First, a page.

Yesterday morning, the last day of the plan, there was a comment that caught me. I don't think I've ever thought about this before.
"...if we are to be transformational leaders, we must be transformed. This transformation is not a one time, once-and-for-all-event. Rather, it is an ongoing process that takes place across a lifetime. Paul is the exemplar for this process. Without changing his fundamental personality, Jesus transformed Paul's character and redirected his life. Paul was transformed by his personal encounter with the risen Christ, and for the rest of his life he was being transformed into the image of Christ."This is one small paragraph from the devotional for the day. Even in this small section, there is much to unpack. However, what caught me was this: "Without changing his fundamental personality, Jesus transformed Paul's character and redirected his life."
All my life I have heard and seen Paul lifted up as the example of a life transformed, as a servant leader, and as the model after which to strive in every way. Now, I am not in any way saying this is wrong or even off the mark. But. When you look at this statement, and then look at Paul's life in conjunction with how he lived before and after his conversion, I think there is something huge here.
I am not a person who goes after people the way Paul did. I never have been. I'm an introvert, I'm deeply thoughtful, I'm detail-oriented and more of a behind-the-scenes person. Fitting that into what it looks to win people for Christ the way Paul did has not ever made sense, or even been easy to see how to strive for in my life. It means being completely outside of who I am. That being said, I have had examples of others (who are unlike Paul in personality) who have done much to share Christ and disciple people. And I'm highly relational, so in terms of caring and caring deeply, I'm matched perfectly with Paul.
But even before his conversion, Paul pursued (what he saw as) justice and law and his mission in life with gusto. He chased Christians (in order to punish and/or kill them) in such a manner that it was nearly impossible to imagine him not attaining his goal. He was a full-speed-ahead kind of guy. He put his entire heart and soul into what he did - even when it was wrong. So once he'd been confronted with Christ, and had realized the truth, his life changed drastically - but his personality didn't. He still pursued the cause (now of Christ and the Church) with his whole being, with all of his time and mind and heart. He was still Paul - but now redeemed and continually transforming into more of Christ.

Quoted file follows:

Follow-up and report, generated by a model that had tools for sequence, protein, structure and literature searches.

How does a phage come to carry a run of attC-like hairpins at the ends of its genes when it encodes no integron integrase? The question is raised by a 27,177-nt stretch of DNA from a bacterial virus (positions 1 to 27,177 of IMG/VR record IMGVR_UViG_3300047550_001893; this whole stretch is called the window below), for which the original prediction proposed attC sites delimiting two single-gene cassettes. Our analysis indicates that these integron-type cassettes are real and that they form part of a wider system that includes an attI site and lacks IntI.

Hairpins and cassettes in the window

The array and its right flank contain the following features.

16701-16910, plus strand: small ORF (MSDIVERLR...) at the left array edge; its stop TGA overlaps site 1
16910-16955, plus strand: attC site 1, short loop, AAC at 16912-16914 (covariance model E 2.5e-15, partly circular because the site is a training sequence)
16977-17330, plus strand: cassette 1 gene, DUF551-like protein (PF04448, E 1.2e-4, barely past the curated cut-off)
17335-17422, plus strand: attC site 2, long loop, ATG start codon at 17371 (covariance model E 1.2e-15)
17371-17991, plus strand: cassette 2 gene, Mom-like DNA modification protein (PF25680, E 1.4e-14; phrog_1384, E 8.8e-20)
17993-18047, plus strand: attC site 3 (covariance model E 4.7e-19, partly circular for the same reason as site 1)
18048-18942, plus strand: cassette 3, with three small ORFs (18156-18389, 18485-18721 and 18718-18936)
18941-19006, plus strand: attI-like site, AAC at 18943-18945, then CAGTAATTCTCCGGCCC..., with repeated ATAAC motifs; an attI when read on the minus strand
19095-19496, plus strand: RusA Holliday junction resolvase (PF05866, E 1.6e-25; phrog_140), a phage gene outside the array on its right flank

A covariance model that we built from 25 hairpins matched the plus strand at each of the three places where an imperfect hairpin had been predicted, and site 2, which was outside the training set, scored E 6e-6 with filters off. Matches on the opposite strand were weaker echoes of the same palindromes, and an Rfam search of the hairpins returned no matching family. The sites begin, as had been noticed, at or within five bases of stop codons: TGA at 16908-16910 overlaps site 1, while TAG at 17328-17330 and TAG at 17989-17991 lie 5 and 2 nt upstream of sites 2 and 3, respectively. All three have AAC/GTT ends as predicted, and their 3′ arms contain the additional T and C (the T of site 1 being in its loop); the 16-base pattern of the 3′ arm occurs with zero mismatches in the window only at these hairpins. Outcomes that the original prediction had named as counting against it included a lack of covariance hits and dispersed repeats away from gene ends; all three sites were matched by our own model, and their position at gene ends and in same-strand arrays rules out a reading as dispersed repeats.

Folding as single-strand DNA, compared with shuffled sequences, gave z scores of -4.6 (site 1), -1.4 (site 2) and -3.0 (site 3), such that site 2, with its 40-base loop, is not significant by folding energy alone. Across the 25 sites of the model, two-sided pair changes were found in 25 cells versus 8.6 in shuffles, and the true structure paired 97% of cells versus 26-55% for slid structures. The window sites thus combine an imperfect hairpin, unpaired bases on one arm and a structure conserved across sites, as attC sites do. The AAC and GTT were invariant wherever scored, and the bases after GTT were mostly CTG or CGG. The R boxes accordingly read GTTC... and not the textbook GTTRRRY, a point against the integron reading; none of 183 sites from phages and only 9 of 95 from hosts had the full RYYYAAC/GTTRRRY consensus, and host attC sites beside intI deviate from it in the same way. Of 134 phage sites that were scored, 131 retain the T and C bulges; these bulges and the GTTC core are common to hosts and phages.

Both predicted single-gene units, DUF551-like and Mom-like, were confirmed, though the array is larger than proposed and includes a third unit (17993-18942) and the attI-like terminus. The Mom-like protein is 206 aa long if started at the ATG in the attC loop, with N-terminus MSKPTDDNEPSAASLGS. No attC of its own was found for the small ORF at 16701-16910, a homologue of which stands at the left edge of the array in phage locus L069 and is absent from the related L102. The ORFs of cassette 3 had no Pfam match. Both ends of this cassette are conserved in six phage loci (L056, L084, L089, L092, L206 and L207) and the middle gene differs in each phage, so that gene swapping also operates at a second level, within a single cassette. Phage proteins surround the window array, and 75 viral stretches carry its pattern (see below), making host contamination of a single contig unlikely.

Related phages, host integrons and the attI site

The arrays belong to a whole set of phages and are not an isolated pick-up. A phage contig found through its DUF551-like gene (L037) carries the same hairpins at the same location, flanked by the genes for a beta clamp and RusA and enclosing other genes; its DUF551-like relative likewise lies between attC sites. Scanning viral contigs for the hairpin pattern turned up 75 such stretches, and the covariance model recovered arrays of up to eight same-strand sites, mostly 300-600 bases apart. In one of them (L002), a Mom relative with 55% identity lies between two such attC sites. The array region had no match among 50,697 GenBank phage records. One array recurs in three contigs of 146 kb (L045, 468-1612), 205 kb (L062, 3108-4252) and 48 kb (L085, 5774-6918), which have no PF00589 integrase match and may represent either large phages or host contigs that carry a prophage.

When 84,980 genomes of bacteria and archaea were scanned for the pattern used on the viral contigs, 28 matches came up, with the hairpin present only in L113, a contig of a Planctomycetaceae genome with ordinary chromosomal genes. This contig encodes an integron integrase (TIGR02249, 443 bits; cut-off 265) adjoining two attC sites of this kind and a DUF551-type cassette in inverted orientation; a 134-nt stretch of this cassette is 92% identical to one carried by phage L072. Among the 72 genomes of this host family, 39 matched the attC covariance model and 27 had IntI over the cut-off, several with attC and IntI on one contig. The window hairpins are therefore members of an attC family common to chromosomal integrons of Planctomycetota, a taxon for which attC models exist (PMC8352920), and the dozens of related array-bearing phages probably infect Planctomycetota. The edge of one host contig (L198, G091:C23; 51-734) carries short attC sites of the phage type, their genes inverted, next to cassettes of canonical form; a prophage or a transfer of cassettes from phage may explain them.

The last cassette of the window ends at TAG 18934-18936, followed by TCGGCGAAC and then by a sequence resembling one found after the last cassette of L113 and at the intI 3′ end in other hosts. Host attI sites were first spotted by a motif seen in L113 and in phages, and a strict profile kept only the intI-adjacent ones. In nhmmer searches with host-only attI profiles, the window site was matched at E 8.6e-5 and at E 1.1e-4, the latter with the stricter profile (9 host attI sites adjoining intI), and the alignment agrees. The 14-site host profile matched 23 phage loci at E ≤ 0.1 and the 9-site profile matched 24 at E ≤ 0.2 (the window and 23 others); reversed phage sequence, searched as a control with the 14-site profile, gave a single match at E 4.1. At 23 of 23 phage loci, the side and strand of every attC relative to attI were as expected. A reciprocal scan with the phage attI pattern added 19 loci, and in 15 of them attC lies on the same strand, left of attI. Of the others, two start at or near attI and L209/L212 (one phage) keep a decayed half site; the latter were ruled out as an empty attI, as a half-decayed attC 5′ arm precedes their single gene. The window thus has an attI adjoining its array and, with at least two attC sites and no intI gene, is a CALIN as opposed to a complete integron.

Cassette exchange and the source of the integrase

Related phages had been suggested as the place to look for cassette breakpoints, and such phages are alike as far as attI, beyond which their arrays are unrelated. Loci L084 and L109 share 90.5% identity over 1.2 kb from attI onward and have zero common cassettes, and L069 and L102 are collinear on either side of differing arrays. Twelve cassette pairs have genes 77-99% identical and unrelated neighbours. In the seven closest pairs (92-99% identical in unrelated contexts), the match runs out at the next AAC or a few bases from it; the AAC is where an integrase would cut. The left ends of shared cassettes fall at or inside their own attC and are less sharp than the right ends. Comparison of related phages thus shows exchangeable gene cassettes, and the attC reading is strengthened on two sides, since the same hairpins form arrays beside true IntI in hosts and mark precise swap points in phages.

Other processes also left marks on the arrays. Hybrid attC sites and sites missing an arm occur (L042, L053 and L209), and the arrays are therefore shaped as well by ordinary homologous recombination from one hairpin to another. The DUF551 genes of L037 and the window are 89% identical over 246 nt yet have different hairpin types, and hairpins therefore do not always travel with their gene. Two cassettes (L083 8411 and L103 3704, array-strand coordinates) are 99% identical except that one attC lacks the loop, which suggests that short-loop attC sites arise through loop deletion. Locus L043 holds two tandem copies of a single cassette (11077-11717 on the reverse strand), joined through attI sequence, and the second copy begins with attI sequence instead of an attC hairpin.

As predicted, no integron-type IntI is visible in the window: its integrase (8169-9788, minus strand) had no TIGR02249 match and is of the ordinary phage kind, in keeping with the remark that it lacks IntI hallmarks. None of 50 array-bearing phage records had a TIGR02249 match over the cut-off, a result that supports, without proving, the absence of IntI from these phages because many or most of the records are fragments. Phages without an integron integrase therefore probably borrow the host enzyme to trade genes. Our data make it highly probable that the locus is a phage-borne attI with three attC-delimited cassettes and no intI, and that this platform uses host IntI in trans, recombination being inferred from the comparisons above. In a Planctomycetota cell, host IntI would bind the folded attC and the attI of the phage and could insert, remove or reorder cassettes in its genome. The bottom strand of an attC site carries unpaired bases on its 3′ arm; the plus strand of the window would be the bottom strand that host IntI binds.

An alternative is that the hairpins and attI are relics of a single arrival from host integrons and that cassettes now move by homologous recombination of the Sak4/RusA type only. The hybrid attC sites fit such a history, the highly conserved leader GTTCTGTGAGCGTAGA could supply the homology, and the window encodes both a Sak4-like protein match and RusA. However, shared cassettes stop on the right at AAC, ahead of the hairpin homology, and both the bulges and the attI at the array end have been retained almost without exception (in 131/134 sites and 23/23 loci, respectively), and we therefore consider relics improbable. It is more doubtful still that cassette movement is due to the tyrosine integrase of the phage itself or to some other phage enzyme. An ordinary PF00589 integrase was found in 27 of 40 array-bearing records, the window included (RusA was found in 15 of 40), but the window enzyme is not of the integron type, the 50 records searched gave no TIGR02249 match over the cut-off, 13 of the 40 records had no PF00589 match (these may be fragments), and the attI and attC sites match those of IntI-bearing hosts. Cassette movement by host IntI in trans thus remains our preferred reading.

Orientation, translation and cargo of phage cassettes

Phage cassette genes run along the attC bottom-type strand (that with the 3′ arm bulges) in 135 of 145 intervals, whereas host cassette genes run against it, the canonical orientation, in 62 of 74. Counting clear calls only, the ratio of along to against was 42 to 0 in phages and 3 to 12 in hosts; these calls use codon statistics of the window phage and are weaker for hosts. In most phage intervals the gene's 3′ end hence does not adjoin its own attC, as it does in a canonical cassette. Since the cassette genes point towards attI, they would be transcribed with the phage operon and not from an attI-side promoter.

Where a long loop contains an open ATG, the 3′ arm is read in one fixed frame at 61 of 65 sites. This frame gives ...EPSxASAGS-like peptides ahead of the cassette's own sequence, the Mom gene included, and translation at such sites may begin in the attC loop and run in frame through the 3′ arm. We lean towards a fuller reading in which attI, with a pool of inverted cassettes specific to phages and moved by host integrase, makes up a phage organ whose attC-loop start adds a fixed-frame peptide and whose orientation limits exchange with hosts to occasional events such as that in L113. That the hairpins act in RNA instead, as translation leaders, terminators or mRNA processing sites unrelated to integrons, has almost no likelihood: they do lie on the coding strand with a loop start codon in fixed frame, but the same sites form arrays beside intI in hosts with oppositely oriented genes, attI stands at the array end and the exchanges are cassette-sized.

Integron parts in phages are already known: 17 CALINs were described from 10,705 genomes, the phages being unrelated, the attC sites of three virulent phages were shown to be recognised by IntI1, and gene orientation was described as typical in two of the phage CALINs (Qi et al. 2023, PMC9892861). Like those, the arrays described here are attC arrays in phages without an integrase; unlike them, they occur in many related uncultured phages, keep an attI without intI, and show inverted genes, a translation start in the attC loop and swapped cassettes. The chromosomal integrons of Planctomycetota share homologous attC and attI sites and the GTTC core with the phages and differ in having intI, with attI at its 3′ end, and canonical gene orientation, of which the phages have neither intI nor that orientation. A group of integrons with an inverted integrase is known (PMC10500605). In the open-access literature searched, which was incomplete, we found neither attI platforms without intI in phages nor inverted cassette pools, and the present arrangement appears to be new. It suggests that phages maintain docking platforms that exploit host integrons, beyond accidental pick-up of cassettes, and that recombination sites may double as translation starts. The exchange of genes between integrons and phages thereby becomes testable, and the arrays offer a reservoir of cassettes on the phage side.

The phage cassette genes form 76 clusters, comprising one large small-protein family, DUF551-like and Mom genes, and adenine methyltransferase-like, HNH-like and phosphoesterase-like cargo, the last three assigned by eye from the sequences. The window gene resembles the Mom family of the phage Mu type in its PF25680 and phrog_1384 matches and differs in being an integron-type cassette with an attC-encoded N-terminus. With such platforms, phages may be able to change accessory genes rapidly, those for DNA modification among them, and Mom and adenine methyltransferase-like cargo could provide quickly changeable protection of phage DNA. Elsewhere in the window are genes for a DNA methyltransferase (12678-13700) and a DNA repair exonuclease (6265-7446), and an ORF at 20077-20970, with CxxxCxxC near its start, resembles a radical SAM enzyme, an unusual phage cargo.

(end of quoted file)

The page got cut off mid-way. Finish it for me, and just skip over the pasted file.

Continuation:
This is what struck me. When Paul was created, the moment he was made, God knew and designed him for the mission he would later come to in his life. God also knew that this would cause much sadness and pain until the conversion of his soul. But he designed him JUST the way he ought to be.
The crazy thing? He did that with me, too. So, while I am not like Paul in most ways (and I still have -always- extremely far to go in emulating Christ), I don't have to be like Paul in his personality - but rather in his heart. That, I can do, because that is what is the example here. Emulating Christ. Being transformed. Below is some of the other pieces of the devotional that spoke to my heart.
"Legacy Leadership is more about who we are than what we do. Our being is more important than our doing; but, what we do flows from who we are. ... Legacy leaders understand that leadership is not about them but begins with them. ... They do not lead from a distance...they are among those they lead, and are not afraid to show compassion and emotion for their followers. ... As [their] followers are themselves transformed, they become examples for others and the legacy process is perpetuated, resulting in more leaders who make a difference now - and for generations to come."As with so many things, it isn't about me, but it begins with me. And if I become more like Christ and like people like Paul, in my own way (the way God designed me), then I can be part of the change in the world. In the end, that's worth more than anything else I could ever do, and it's being part of his plan and his transformational work.
Scripture for the day's devotional: 1 Thess. 1, 2:1-12